Follow this ultra-simple carnivore diet bone broth recipe so you can add nourishing broth into your monthly food prep routine and get all the benefits of pure animal foods without any potential irritants from plant-based ingredients or fibrous foods.
This post was originally published on June 1, 2018 and later updated with new images and information on Sept 30, 2020.
Is Bone Broth Allowed on Carnivore Diet?
A carnivore diet, in the purest form, consists of nothing but animal foods.
Recipes like my Traditional Homemade Bone Broth Recipe and Slow Cooker Beef Bone Broth, usually use some added plant-based ingredients such as onion, garlic, celery, and aromatic herbs like rosemary and thyme for flavor.
Omitting those ingredients is easy, just leave them out!
The basic process of making broth doesn’t change much.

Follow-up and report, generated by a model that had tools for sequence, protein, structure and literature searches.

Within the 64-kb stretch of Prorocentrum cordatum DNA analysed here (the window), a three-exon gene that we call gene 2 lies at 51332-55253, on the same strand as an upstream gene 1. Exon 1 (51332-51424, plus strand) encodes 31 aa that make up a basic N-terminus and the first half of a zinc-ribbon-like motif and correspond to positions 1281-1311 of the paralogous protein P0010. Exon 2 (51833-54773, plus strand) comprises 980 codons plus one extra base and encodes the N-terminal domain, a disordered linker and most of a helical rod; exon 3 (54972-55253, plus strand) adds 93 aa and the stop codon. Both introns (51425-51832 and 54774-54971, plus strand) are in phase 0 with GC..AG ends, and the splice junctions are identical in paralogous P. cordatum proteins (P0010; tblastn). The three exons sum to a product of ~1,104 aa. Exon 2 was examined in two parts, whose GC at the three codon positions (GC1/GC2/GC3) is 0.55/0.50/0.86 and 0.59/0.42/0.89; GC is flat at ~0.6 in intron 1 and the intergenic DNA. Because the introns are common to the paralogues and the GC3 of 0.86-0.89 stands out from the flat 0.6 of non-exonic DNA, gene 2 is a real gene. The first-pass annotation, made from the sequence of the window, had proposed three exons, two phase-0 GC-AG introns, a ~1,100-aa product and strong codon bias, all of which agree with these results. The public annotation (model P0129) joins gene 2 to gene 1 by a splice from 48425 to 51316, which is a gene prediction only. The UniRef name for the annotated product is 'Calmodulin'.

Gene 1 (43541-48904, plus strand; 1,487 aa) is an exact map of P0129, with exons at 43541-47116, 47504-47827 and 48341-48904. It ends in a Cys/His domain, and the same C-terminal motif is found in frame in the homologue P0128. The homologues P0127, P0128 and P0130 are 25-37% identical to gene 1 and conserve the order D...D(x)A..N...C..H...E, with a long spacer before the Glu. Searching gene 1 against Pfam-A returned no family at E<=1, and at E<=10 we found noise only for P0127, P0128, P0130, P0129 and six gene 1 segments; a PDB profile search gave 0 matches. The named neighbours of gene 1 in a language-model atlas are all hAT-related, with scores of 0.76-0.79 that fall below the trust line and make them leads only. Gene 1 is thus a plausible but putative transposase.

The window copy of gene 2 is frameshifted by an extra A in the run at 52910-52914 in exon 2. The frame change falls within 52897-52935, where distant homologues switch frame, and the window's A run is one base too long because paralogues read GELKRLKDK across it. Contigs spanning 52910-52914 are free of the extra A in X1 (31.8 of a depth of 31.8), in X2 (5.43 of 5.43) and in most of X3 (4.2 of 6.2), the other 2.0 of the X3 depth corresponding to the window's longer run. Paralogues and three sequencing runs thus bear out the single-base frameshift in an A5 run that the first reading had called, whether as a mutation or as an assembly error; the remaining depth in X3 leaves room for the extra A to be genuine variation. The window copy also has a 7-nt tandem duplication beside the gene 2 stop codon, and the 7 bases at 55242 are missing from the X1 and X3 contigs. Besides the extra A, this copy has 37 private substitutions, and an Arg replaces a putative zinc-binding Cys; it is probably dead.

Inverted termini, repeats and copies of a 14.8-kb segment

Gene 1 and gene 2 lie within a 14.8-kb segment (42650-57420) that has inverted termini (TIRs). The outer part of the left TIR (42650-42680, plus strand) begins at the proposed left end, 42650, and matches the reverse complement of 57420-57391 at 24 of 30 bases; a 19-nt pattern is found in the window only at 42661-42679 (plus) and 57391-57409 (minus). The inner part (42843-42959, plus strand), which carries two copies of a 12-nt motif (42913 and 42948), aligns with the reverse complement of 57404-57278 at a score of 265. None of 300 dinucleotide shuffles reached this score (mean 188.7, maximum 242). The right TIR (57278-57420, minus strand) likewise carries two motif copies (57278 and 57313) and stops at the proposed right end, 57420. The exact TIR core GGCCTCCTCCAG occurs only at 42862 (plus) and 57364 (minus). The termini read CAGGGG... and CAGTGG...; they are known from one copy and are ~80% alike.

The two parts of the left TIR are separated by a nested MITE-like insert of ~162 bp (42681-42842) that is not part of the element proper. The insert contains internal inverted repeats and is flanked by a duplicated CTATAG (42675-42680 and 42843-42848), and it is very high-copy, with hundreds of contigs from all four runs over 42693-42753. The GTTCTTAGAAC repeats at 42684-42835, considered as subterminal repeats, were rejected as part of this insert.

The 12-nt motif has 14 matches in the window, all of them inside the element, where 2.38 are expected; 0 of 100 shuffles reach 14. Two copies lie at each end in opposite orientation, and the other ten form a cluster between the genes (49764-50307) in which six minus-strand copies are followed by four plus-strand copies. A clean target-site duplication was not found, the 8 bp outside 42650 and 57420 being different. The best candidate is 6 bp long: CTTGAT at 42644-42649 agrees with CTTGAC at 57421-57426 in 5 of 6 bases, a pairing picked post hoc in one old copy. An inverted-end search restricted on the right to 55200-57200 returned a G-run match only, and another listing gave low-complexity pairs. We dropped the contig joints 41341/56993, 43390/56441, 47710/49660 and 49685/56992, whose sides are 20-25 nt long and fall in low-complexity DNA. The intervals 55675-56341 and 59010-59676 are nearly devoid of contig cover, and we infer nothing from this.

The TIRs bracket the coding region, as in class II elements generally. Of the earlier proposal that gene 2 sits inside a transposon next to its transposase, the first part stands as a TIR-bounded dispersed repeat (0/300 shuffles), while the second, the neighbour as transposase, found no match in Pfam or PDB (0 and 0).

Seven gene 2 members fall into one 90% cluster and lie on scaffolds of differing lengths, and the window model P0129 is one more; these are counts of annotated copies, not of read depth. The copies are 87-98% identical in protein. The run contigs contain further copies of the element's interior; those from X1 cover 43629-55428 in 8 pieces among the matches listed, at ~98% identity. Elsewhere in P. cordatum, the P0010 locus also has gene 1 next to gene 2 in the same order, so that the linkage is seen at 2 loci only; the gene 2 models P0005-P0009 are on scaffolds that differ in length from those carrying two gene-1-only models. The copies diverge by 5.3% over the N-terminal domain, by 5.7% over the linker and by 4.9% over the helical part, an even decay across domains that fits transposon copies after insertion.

Bone broth is a delicious drink while on a carnivore diet.
There are different ways to use bone broth on a carnivore diet:
- Sip it hot any time of the day
- Use it in braised meat, like I do in this Braised Beef Shank Recipe
- Add it to Carnivore Beef Stew or Slow Cooked Organ Meat Stew
- Make a quick and easy, carnivore friendly Low-Carb Egg Drop Soup or any kind of soup you like
If you’re wondering what else to eat on a carnivore diet, we have lots of resources for you and can walk you through a nice and easy transition.
Can I Eat Bone Broth While Fasting?
By definition, fasting is “voluntarily not eating food for varying lengths of time”. (1)